Do you have a pet trust or will?
As ridiculous as it may sound, these days pets are regularly being written into wills, and pet trusts. And on the surface, it may seem a little unnecessary. But once you dig a little deeper, it does begin to make sense.
Let’s assume you don’t factor your pets into your plans in the event you pass away. What happens then? If your lucky, a family member will take on the responsibility of their care. But what if your not lucky? They could easily find themselves in a shelter, and possibly even euthanased if not re-homed within a certain period of time. When you look at it like this, it seems less ridiculous, and more sensible.
So, assuming you want to prepare and plan for the welfare and care of your pet after you pass away, then there are roughly 3 ways you can do this:
1) Wills - Include your pet in your will. In this situation, it is obviously only valid after death, and effectively your pet is considered property in your estate. You can allocate the guardianship of your pet to whomever, and allocate funds for this reason. The problems with a will, is that it can often drag out for a long time before being distributed. This is an obvious concern when we are discussing the ongoing care of your pet. The other issue, is that a will is honorary, and doesn’t really stop your designated ‘guardian’ from dumping your dog in the pound, and spending the allocated money on other things.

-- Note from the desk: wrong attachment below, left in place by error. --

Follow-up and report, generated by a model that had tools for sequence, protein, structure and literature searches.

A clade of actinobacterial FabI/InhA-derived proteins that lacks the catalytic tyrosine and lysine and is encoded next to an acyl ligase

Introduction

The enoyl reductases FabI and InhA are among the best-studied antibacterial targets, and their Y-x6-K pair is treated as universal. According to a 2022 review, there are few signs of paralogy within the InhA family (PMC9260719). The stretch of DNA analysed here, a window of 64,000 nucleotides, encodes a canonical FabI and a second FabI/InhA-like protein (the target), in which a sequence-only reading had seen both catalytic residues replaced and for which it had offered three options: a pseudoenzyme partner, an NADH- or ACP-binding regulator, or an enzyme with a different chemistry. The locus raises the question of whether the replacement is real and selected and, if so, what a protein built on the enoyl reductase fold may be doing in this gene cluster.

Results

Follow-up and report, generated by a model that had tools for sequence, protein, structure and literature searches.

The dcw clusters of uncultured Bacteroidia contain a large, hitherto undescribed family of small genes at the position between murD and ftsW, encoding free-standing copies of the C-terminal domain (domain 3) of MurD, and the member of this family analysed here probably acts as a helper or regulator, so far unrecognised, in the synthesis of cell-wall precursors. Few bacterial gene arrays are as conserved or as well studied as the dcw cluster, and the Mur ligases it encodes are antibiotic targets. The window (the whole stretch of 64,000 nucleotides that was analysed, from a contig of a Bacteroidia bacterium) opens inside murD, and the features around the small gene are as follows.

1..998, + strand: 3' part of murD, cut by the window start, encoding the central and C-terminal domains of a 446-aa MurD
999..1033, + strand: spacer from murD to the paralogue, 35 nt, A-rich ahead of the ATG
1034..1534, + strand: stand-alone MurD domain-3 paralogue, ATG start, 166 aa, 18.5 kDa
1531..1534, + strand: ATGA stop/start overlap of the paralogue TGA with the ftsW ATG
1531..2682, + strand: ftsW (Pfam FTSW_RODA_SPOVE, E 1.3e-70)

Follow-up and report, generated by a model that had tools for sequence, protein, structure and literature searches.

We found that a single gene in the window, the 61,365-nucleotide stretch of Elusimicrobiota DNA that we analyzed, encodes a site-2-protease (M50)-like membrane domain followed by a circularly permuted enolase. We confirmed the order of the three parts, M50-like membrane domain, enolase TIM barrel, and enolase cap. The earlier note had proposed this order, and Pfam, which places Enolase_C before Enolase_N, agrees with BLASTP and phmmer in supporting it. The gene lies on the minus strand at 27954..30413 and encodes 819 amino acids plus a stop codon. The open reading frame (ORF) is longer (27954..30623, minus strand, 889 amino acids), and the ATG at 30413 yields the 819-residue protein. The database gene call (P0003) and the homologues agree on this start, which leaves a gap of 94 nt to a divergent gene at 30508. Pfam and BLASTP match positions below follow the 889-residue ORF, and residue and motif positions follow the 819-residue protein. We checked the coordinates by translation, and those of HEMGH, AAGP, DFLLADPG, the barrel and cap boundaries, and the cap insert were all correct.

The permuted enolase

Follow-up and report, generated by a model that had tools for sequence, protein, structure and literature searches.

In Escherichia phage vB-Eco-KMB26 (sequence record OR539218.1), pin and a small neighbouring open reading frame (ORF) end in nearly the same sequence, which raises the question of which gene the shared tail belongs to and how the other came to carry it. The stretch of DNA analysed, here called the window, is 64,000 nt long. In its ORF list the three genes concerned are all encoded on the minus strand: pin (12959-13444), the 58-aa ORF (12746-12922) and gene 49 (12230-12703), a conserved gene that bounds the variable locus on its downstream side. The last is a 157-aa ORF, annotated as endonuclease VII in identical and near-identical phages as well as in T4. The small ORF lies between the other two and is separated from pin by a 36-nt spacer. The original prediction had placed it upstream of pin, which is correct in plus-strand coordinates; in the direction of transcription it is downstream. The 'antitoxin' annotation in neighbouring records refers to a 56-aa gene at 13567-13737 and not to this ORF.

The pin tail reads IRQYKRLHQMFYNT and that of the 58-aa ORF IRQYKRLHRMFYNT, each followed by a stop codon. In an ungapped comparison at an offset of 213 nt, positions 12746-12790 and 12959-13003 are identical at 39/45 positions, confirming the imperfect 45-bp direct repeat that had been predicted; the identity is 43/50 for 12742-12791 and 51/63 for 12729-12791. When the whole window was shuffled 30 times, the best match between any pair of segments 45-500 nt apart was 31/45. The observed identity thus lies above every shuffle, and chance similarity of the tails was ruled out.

2) Pet Trusts - Writing up a pet trust is a better way to account for the welfare and care of your pet, both when you die, and also if you become and are unable to care for the pet yourself. As opposed to a will, it does not only apply in the event of death. In a pet trust, you can allocate who you would like to take over guardianship, how you would like your pet cared for, and how this care will be funded. A trustee will then distribute the funds to your designated guardian to be used as per your instructions in the trust. Benefits of this option, is that your pet can be cared for immediately. There is unlikely to be a probationary period, as would occur with a will. In addition, you can be more confident that the money will be spent for the right reasons, and it can commence prior to death.
3) Pet Protection Agreement - Setting up a pet protection agreement is a much more affordable, yet still legally enforceable document. It can be done quickly online, and allows you to designate a guardian, provide funding and pet care instructions. This may a good middle ground option.
Obviously these measures aren’t necessary for everyone, but I think it is something worth giving some consideration.
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